The Securities and Exchange Commission (SEC) recently secured an emergency court order effectively freezing several securities brokerage accounts comprised of more than $29 million in alleged illegal profits from claimed insider trading in connection with Comcast Corp.’s 2016 acquisition of DreamWorks Animation SKG, Inc.
The SEC asserts that in the weeks prior to the announcement of the acquisition, Shaohua (Michael) Yin accumulated in excess of $56 million of DreamWorks stock in five U.S. brokerage accounts in the names of Chinese nationals, including his elderly parents. DreamWorks stock price spiked 47.3% when the acquisition was publicly released.
In its complaint, the SEC alleged the five brokerage accounts generated $29 million in profits from the DreamWorks securities transactions, and profited from suspicious trading in other companies in advance of material, non-public information.
Yin, according to the SEC, intentionally did not trade through his own accounts, but rather used accounts in others names, in an attempt to shield his control over and involvement in the alleged illegal insider trading. The SEC, utilizing its data analytic investigative tools, was able to trace the insider trading to Lin.
The SEC’s Complaint, consistent with the relief the SEC typically seeks in its insider trading cases, asks the Court for a permanent injunction, disgorgement of illegal trading profits, prejudgment interest and civil penalties.
While there is nothing especially unusual about this SEC insider trading enforcement case, a few observations for consideration:
First, the SEC’s insider trading charges in this case demonstrate its continued willingness and ability to seek and obtain emergency asset freeze orders of profits of those foreign nationals who access US financial markets to engage in unlawful insider trading.
Second, the SEC (as apparently occurred here) will not sit content and focus solely upon the subject company stock and announcement that led to the filing of the case. Instead, either during the investigation or through the course of the litigation, the SEC may potentially go back in time and examine all suspicious trading, whether it be prior trades involving the same company but different corporate news events, and/or different companies involving other time-frames and announcements.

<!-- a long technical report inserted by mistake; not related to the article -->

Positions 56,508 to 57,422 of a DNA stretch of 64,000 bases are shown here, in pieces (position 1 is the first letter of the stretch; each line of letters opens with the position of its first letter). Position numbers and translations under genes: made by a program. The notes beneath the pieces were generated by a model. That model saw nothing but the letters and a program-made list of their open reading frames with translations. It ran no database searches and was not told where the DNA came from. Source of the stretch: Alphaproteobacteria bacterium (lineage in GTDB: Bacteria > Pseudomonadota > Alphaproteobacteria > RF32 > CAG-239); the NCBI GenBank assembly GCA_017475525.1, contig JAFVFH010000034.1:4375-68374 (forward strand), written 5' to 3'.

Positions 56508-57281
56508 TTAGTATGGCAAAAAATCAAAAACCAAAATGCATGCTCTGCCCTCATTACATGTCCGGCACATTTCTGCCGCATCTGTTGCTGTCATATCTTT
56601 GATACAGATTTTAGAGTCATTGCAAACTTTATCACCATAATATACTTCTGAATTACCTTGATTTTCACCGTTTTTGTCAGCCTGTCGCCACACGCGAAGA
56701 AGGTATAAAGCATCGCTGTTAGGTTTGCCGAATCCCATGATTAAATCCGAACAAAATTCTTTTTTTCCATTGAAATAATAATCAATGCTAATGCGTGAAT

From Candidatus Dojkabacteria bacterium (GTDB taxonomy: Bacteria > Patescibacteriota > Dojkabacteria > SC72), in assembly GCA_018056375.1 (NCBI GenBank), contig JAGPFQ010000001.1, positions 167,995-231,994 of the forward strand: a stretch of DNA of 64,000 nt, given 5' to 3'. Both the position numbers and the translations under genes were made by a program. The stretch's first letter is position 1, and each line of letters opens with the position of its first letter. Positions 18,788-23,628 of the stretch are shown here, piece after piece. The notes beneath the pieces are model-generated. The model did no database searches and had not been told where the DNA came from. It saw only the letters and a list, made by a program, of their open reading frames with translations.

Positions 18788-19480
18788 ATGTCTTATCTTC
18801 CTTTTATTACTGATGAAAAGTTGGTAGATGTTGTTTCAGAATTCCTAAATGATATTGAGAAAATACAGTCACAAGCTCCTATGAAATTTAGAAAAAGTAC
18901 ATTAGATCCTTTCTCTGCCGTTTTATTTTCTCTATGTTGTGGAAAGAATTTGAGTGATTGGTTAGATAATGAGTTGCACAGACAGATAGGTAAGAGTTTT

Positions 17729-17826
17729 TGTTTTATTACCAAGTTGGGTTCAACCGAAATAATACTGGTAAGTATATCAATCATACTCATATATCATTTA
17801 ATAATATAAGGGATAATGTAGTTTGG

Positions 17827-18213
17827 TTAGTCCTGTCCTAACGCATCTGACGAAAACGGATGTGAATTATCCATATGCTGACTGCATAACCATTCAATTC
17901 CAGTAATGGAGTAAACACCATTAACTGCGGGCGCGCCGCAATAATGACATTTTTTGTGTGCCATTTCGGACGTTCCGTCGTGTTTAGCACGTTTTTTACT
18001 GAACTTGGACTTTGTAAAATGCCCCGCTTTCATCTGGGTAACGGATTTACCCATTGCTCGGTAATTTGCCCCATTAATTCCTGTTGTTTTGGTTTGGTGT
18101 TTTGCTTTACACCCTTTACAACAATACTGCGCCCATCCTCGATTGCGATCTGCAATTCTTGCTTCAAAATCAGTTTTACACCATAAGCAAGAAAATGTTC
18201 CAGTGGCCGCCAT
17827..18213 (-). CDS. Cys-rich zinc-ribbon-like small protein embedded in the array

Third, FINRA likely was the originating source of the case, as indicated by the SEC acknowledgement in its press release of its assistance in the matter. While the SEC continues to develop, improve and refine its big data analytics, which allows it to identify suspicious trading patterns and then target potentially culpable insider traders, the SEC nonetheless still relies on FINRA as a front-line originator of insider trading investigations. FINRA, alerted by unusual volume trading ahead of corporate announcements, will commence an inquiry and obtain from the company (issuer) data indicating who in the company knew what and when, coupled with relationships between those corporate insiders and those members of the public who traded in the stock during the weeks or days in advance of the material, non-public information. Armed with this critical data, coupled with subpoena power, the SEC is then in a pristine position to begin identifying target traders followed by the securing of their records and the taking of their sworn investigative testimony.
Finally, on a bit of a lighter note, this case strongly suggests that if you are going to risk engaging in insider trading and try to get away with it, you probably shouldn’t use your elderly parents’ brokerage account to do so.
David Chase is a SEC defense attorney and former SEC Prosecutor who represents and defends those around the world who are being investigated or prosecuted for insider trading in SEC investigations or insider trading criminal cases. Mr. Chase is the principal of the Law Firm of David R. Chase, a SEC law firm, located in Fort Lauderdale, Florida. For a confidential consultation, you may contact Mr. Chase at: firstname.lastname@example.org or toll-free at: (800) 760-0912. The law firm’s website is:securitiesfrauddefense.net.